My writing world has been interesting this month. I finished the work in progress (in the rough draft) and put it aside to gel. That's an important aspect of revision. A story needs time away from it so you can come back with fresh eyes, not only to find grammatical errors due to flying fingers as you type the story in all of your innocent eagerness, but to look at the deeper aspects. The characters. The conflict. The subplots. The Theme.
I had the good fortune of being in an online book club to discuss Barbara O'Neal's latest book, How To Bake a Perfect Life. We were talking about voice, and I have always stood in awe of Barbara's storytelling voice, and she commented that her first draft is always sparse. I was flabbergasted. I'd imagined the words and phrases in her narrative flew from brain to fingertips like the pouring of syrup on my morning pancakes. Not so. She claims that when she revises, she goes back into the story to "plump it up". She said, imagine a room that you have painted, carpeted, and put furniture into. Stand back and take it all in. Then add in all the special touches that tie it all together. Put pillows here, a vase of flowers there, a picture frame or two. Bring it to life.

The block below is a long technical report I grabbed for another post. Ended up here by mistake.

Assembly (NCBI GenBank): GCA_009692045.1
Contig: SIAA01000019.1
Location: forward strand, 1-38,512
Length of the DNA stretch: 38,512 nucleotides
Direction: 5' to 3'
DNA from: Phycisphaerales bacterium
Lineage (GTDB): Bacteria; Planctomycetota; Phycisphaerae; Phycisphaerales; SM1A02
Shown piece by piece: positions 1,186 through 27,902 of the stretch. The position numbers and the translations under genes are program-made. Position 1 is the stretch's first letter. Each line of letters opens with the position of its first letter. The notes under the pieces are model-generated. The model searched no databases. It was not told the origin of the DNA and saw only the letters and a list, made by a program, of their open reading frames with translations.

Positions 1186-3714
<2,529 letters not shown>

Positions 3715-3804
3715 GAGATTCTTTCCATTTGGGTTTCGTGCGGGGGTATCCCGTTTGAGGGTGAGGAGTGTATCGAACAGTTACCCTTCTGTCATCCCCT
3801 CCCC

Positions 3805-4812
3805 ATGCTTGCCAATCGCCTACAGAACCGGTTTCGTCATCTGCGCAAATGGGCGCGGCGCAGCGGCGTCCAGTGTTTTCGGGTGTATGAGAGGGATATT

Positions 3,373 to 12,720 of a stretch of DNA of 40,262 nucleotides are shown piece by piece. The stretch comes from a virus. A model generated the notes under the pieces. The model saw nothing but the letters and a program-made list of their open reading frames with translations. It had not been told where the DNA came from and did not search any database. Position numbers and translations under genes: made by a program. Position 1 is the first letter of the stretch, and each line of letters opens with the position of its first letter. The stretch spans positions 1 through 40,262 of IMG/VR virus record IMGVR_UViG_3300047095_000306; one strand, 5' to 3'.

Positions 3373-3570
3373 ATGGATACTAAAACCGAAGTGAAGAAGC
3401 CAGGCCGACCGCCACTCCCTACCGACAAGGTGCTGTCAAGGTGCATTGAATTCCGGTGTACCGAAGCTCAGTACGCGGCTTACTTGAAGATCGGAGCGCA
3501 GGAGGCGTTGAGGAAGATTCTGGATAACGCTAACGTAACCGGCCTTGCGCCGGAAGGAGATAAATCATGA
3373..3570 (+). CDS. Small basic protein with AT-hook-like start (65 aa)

Of course, the way my mind works, I immediately thought of the TV ad for Foster Farms chickens. The chickens trying to be passed off as FF chickens are "plumped up" with salt water. Then they explode. Ha ha. So even though I love Barbara's expression, I'm also aware that this "plumping" must be tasteful, and it might be better for me to keep a light hand. I'm currently working on a manuscript that I finished at the end of last year. This will be the final go round. It will either be good, or it will explode.